Related to the new Center and DHS’ efforts to combat cyber threats, DHS is working with Congress to pass legislation to make organizational changes at DHS. On Tuesday, Senators Maggie Hassan (D-NH) and Rob Portman (R-Ohio) introduced the DHS Cyber Incident Response Teams Act of 2018. The legislation would effectively recast what is now the National Protection and Programs Directorate into an official, operational agency. The House of Representatives passed its version of the bill several months ago. 

Reporter, Bailey J. Langner, San Francisco, +1 415 318 1214,

Federal Cybersecurity Practices Scrutinized At U.S. House Subcommittee Hearing – On July 25, 2018, the Subcommittees on Government Operations and Information Technology of the U.S. House of Representatives Oversight and Government Reform Committee (the “Committee”) held a joint hearing entitled “GAO High Risk Focus: Cybersecurity,” with Gene Dodaro, Comptroller General of the Government Accountability Office (“GAO”), and Suzette Kent, Federal Chief Information Officer at the Office of Management and Budget (“OMB”), testifying as witnesses.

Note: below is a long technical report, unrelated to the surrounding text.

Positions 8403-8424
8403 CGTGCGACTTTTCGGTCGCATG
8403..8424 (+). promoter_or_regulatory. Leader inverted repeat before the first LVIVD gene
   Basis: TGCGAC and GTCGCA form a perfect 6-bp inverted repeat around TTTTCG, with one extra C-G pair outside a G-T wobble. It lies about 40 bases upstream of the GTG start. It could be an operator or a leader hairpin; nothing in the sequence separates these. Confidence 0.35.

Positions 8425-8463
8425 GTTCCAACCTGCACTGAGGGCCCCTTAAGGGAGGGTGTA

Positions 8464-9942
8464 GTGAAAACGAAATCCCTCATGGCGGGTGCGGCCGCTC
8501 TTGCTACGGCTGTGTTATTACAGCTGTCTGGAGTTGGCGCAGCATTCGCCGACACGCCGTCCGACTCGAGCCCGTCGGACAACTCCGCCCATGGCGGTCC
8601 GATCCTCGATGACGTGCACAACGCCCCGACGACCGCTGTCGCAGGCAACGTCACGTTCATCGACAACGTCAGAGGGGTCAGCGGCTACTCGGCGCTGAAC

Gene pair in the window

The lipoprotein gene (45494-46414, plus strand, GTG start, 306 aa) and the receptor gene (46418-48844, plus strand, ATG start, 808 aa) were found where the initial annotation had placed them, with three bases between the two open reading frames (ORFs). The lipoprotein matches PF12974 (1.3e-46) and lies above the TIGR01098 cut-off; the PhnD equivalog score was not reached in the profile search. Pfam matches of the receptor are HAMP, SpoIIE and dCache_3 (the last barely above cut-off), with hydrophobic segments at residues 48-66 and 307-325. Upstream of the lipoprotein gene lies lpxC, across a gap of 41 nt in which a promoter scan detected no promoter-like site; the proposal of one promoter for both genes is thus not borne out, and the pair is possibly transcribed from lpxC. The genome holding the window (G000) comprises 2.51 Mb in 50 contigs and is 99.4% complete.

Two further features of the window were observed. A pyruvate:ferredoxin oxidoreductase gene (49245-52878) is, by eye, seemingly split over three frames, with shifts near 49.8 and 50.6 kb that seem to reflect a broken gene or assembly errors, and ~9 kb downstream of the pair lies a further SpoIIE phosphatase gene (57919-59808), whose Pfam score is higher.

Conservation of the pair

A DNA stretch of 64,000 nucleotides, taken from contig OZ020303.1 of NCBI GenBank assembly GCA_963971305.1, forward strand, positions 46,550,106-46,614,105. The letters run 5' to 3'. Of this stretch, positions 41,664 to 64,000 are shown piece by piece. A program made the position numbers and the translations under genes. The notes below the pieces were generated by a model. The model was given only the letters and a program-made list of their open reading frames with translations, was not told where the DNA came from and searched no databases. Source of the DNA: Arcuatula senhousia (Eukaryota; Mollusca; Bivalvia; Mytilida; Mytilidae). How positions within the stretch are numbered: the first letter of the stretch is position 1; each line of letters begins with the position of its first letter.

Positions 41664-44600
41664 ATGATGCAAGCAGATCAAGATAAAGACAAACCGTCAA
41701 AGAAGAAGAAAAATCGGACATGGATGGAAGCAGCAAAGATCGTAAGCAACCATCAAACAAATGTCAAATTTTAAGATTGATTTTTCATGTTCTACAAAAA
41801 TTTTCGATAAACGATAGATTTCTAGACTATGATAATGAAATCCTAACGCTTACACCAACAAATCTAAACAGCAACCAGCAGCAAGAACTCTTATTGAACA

The main purpose of the hearing was to review the GAO’s recent report on existing cybersecurity challenges facing the federal government, its recommendations for addressing them, as well as the Administration’s plan of action. The GAO report highlighted the fact that, since 2010, the GAO has made over 3,000 federal government cybersecurity recommendations, and approximately 1,000 of them still need to be implemented by various federal agencies and entities. This fact was not lost on the subcommittee leaders, with Ranking Member of the Information Technology Subcommittee Rep. Robin Kelly (D-IL) noting that “the Trump administration’s plans failed to include basic components needed to carry out a national strategy for protecting critical cyber infrastructure.” Information Technology Subcommittee Chairman Hurd (R-TX) echoed Ms. Kelly’s concerns regarding the 1,000 outstanding recommendations, stating: “It’s not acceptable given the threat we face. These open, lingering vulnerabilities put us at incredible risk as we saw with the devastating data breaches at OPM.”